Creating a sense of belonging encourages employees to stay loyal to the business, even if they could get a pay rise elsewhere. A sense of belonging can be created through big-picture goals and taking social responsibility because it produces the feeling that employees are part of something bigger than themselves.
Workers are increasingly concerned about environmental and social issues, to the point where it is a factor in where they choose to work. While there is some disparity between the importance of sustainability to different generations, nearly 40% of millennials have taken a job because of the company's sustainability commitments. As Generation Z enters the workforce, this is predicted to increase.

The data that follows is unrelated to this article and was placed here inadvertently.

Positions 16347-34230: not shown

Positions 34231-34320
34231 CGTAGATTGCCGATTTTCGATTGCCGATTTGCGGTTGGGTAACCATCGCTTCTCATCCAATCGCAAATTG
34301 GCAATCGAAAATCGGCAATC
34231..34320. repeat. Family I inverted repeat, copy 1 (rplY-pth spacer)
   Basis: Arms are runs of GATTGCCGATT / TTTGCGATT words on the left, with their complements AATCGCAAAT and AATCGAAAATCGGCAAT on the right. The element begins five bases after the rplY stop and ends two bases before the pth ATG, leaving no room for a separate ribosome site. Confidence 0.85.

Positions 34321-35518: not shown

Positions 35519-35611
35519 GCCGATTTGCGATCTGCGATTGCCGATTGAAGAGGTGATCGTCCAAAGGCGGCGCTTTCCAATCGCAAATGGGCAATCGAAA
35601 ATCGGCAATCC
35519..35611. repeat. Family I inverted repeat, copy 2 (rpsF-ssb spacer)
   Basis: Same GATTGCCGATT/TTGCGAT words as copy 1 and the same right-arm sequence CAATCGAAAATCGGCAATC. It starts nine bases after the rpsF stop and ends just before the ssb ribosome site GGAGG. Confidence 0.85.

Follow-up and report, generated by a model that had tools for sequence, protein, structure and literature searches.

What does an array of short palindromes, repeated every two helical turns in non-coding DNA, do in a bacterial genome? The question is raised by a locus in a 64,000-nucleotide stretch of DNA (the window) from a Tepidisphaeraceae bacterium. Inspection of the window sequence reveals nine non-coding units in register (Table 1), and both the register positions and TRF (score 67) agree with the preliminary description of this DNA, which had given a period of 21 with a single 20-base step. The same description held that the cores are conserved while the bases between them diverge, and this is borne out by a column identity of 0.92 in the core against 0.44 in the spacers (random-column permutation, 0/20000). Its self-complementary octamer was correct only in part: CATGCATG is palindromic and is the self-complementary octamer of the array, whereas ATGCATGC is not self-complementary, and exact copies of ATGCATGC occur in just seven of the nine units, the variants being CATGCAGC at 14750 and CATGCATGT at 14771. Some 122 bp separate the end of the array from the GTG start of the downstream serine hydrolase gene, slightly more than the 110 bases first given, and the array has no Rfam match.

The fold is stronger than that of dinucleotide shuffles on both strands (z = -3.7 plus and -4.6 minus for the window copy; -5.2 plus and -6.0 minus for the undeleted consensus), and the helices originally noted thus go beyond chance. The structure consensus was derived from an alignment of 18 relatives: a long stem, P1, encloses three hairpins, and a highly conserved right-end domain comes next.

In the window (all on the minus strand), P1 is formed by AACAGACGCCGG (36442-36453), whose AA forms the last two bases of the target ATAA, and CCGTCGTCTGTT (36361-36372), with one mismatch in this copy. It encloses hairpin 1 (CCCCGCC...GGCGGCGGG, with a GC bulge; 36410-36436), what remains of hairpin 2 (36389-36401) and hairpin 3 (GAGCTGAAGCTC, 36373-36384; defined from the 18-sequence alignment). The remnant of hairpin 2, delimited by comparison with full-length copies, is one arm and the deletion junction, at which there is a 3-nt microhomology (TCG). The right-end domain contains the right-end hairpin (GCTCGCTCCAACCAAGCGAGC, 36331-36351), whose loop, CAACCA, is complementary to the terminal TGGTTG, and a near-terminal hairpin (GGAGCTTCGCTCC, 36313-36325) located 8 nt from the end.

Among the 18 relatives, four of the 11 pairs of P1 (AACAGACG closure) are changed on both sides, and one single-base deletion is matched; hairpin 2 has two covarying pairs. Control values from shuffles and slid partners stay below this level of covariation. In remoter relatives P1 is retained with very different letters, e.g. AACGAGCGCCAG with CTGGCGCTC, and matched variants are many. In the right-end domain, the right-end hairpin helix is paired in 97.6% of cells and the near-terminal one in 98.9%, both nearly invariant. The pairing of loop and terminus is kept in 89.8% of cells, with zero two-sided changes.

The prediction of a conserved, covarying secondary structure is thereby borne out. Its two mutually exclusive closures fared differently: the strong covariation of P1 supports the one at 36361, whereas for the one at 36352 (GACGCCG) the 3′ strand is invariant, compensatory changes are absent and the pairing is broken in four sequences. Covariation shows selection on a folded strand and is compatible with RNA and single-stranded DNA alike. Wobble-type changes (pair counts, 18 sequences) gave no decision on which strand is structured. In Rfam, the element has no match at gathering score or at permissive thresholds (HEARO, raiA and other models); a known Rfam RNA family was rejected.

In the same way, sustainability efforts are very attractive to consumers. Sustainable businesses can win sales from competitors as over 70% of consumers are willing to pay an additional 5% for a green product that performs as well as a non-green alternative. For many, buying decisions aren't made by considering only price and suitability but also environmental impact.
Sustainability that doesn't sacrifice effectiveness is profitable for winning over new customers and retaining loyal ones. Almost 70% of consumers say a robust sustainability plan will affect their decision to stay with a company long-term.
Inspire widespread change
As sustainability is a competitive advantage, businesses that commit to sustainability strategies increase the standards in their industry. Competitors will have to follow suit and take responsibility to keep up. This benefits everyone and reduces the negative impact on the whole industry by establishing a new norm for operation. The potential of losing out on business is a significant motivator for change, as 63% of executives of organisations with sustainability strategies report that the customer was their top catalyst for action.
How to build and implement a strong sustainability strategy